L.A. Unified teachers — but not administrators — will escape budget-related layoffs this year

Parents and students have protested L.A. Unified layoff notices in the past, as they did at this 2012 demonstration.

Parents and students have protested L.A. Unified layoff notices in the past, as they did at this 2012 demonstration.

(Luis Sinco / Los Angeles Times)

No teachers in the L.A. Unified School District will get pink slips for cash flow reasons this year.

That’s thanks in part to a one-time influx of cash from the state and Gov. Jerry Brown’s proposed budget that allocates more funding to schools. The last time the district didn’t send teachers these notices was 2013.

Teachers across L.A. Unified have become accustomed to getting pink slips on March 15 — that’s when state law requires districts to notify teachers that they could be laid off.


Receiving a notice doesn’t mean those teachers are going to be laid off, but the district sends layoff notices while it waits to find out how much money it will receive from the state for the next school year, and how many teachers it can afford to keep.

Not every district employee is safe this year, though.

The L.A. Unified board of education voted Tuesday to send March 15 notices to 1,692 administrators in the district, both in and out of schools, saying they may be laid off or reassigned. There are 934 school-based administrators, including school-based principals and assistant principals, who will not receive notices, the district’s chief human resources officer, Justo Avila, said in an email through a spokesperson.

“Because of the hard work we’ve done, the district will not be sending layoff notices this year to teachers and Health and Human Services employees,” Supt. Michelle King said in a statement. “This means we will have less money for new initiatives.”

The district will also receive added funding in coming years because of better attendance and its “More Than a Meal” campaign, a push to increase applications to partake in the free-and-reduced lunch program, King said during Tuesday’s school board meeting. The state’s new school funding formula gives districts more money for low-income students.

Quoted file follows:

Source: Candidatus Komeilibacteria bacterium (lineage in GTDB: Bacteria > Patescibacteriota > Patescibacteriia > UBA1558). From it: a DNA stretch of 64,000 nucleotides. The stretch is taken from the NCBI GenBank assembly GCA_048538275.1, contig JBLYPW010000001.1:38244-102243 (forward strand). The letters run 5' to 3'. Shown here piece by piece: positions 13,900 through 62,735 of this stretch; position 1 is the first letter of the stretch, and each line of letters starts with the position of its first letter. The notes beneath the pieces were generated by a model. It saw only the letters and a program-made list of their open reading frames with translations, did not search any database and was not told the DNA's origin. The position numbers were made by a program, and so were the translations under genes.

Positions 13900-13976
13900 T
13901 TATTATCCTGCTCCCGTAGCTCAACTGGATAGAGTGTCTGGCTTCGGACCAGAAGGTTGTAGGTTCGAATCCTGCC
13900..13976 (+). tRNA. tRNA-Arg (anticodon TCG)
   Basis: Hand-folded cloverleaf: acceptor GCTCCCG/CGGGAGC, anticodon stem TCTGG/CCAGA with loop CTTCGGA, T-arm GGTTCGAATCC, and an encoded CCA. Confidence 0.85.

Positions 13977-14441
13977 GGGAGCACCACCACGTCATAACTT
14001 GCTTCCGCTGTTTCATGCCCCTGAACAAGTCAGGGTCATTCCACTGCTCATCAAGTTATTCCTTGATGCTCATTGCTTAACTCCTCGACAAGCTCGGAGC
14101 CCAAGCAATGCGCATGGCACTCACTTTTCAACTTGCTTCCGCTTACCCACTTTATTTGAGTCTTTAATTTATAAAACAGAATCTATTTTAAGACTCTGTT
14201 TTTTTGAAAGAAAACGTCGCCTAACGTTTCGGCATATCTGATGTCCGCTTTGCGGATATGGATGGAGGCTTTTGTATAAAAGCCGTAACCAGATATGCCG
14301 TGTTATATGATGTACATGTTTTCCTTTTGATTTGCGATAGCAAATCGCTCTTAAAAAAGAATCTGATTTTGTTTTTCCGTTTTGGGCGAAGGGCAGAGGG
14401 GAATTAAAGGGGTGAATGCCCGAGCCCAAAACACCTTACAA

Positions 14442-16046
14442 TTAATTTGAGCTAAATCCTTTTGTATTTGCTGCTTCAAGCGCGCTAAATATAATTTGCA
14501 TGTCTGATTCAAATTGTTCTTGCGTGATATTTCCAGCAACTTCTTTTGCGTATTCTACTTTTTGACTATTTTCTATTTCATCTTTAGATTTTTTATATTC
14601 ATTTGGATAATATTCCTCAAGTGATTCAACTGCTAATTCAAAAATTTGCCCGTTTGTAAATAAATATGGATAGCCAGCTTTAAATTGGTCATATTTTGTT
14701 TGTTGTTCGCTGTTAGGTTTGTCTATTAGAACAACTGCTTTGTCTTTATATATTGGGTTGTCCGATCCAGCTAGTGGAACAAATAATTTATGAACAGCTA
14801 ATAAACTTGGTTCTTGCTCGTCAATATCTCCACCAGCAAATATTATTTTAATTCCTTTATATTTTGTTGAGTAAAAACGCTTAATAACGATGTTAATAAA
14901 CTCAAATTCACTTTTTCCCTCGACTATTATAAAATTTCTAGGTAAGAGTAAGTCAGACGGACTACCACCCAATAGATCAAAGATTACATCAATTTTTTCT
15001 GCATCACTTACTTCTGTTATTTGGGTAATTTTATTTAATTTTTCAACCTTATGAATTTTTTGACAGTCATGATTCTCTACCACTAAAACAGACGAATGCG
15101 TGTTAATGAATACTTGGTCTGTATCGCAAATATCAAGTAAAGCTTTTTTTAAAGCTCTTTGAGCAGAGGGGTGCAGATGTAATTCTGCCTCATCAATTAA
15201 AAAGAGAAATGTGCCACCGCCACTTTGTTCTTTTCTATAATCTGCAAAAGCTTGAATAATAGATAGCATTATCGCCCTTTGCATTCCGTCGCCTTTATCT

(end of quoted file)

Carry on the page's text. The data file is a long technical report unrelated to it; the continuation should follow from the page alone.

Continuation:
L.A. Unified could still let teachers go for other reasons such as performance, spokeswoman Barbara Jones said.

“Not sending out layoff notices is the right decision for students,” Alex Caputo-Pearl, United Teachers Los Angeles president, said in an email statement. “This should also remind us of how important Proposition 30 was to allowing King and the board to make this decision, and it should encourage all of us to double down in ensuring that an extension of Proposition 30 is approved in the November 2016 election.”


There probably will be fewer pink slips across the state this year than last, said California Teachers Assn. spokesman Mike Myslinski.

“With the teacher shortage and with new funding for schools, we are only hearing [of] a very limited number of pink slips to date,” Myslinksi said. “Of course, that could change.”

A 2012 state report found that districts across the state issue more layoff notices to teachers than they need to, in part because of the disconnect between the required layoff notice timeline and the state budget timeline. Districts have to send teachers final layoff notices by May 15, even though the state budget might not be passed until later.

Because of that timeline and the requirement of laying off teachers with the least experience first, schools sometimes have to lay off teachers they want to keep and then try to rehire them.

“That puts schools at a disadvantage because they don’t know whether the person they want … is coming back,” said Jose Lara, a social studies teacher at Santee Education Complex and United Teachers Los Angeles’ Central Area chairman.

Even if notices don’t turn into layoffs, they introduce uncertainty into teachers’ lives, Lara said. Some teachers, for example, worry because they rely on the job to maintain their immigration status.

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